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In my program, it start a boost thread and keep the handler as a member of the main thread. When user press the cancel button I need to check the started thread still running and if it is running need tho kill that specific thread. here is the pseudo code.

cheating thread

int i =1;
boost::thread m_uploadThread = boost::thread(uploadFileThread,i);

This is the method use to check if thread is still running, but it is not working

boost::posix_time::time_duration timeout = boost::posix_time::milliseconds(2);
if (this->uploadThread.timed_join(timeout)){
 //Here it should kill the thread
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what it this thread doing? –  Sam Miller Mar 27 '13 at 2:21
Never kill your threads, end them cooperatively. –  Branko Dimitrijevic Mar 27 '13 at 2:23
Never kill your threads, end them cooperatively. (that comment needed some concurrency) –  Yakk Mar 27 '13 at 2:38
@SamMiller : This thread doing some file printing to printer. –  Nayana Adassuriya Mar 27 '13 at 2:45
Threads should be listening for signals telling them to "nevermind what you are doing, just finish up", and then obeying them once they notice it. Killing a thread causes undefined behavior in practice. The thread could continue execution after being told to die, and the controlling code needs to handle that possibility gracefully. In general, working with threading primitives at this level takes lots of care, and you should be comfortable with formal proofs of correctness of threading operations. –  Yakk Mar 27 '13 at 2:53

2 Answers 2

up vote 2 down vote accepted

The return value true means the thread is completed before the call times out. And looks like what you want is

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Thank you for the point +1. Do you have any idea how to end thread if still runing? –  Nayana Adassuriya Mar 27 '13 at 2:48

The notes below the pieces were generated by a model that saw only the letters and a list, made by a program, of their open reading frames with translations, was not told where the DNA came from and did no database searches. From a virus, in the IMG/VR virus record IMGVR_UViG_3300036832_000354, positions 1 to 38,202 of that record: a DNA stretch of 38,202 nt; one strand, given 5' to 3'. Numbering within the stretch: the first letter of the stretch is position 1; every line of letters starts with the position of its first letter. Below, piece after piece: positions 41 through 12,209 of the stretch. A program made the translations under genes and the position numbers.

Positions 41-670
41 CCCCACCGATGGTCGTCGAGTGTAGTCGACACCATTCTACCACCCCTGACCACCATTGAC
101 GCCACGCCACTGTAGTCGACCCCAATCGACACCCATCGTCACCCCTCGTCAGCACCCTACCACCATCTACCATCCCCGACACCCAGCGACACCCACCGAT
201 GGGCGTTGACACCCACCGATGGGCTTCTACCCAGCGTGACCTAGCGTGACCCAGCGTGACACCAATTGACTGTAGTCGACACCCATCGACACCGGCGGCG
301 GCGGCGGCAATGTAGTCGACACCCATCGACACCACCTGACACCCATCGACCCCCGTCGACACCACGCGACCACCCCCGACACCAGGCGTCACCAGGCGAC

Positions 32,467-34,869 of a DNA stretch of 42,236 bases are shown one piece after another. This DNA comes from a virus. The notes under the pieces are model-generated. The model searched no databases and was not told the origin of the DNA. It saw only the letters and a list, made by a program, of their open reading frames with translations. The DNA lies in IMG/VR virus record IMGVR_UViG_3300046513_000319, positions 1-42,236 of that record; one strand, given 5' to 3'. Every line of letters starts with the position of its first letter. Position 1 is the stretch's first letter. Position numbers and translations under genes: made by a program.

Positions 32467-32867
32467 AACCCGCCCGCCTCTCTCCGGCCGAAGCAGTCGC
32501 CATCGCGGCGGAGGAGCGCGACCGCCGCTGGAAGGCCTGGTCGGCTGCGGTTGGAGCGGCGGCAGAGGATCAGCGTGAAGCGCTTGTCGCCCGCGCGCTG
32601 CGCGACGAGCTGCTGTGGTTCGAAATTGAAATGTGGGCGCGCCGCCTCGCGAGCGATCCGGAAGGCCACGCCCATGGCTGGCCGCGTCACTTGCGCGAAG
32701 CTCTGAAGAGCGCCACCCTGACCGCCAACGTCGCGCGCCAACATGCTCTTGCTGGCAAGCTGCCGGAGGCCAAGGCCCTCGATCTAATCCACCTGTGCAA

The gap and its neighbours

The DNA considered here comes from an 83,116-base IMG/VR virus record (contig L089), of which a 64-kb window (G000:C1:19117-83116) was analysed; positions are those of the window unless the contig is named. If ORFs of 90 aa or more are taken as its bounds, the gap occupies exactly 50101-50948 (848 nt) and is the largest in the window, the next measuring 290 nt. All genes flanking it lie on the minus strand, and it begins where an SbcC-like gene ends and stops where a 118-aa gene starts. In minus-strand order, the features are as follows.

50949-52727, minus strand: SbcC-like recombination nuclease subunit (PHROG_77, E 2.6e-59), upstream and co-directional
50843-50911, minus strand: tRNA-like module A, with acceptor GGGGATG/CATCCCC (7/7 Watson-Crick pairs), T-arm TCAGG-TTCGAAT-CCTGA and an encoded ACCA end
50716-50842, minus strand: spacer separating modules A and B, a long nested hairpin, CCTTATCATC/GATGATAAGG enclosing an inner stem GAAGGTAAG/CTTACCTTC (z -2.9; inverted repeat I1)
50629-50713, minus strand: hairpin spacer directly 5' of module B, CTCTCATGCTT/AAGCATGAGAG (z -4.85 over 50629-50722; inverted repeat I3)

Generally you don't kill a thread but notify it to end its life. I agree with Yakk in the upper comment. –  Shawnone Mar 27 '13 at 3:26
I want to see if a thread is running so I don't try to start a second one -- and I don't want to keep a sidebar variable around. You'd think there'd be an api to discover if a boost::thread is not-a-thread... –  PatchyFog Sep 27 '13 at 23:48

For stop your thread you can use:


in order this to work you have to set an interruption point at the point you want the thread's function stops when you interrupt.

Note: the interruption by it self don't stop the thread it just set a flag and the when an interruption point is reached the thread is interrupted. If no interruption point is found, the thread don't stop.

You can also handle the interrupted exception boost::thread_interrupted that way you can do things depending on if the thread was interrupted or not.

For instance lets assume the next code is inside a thread function:

    //... some important code here
    boost::this_thread.interruption_poit(); // Setting interrutption point.
    // Now you do what ever you want to do when 
    // the thread is interrupted.
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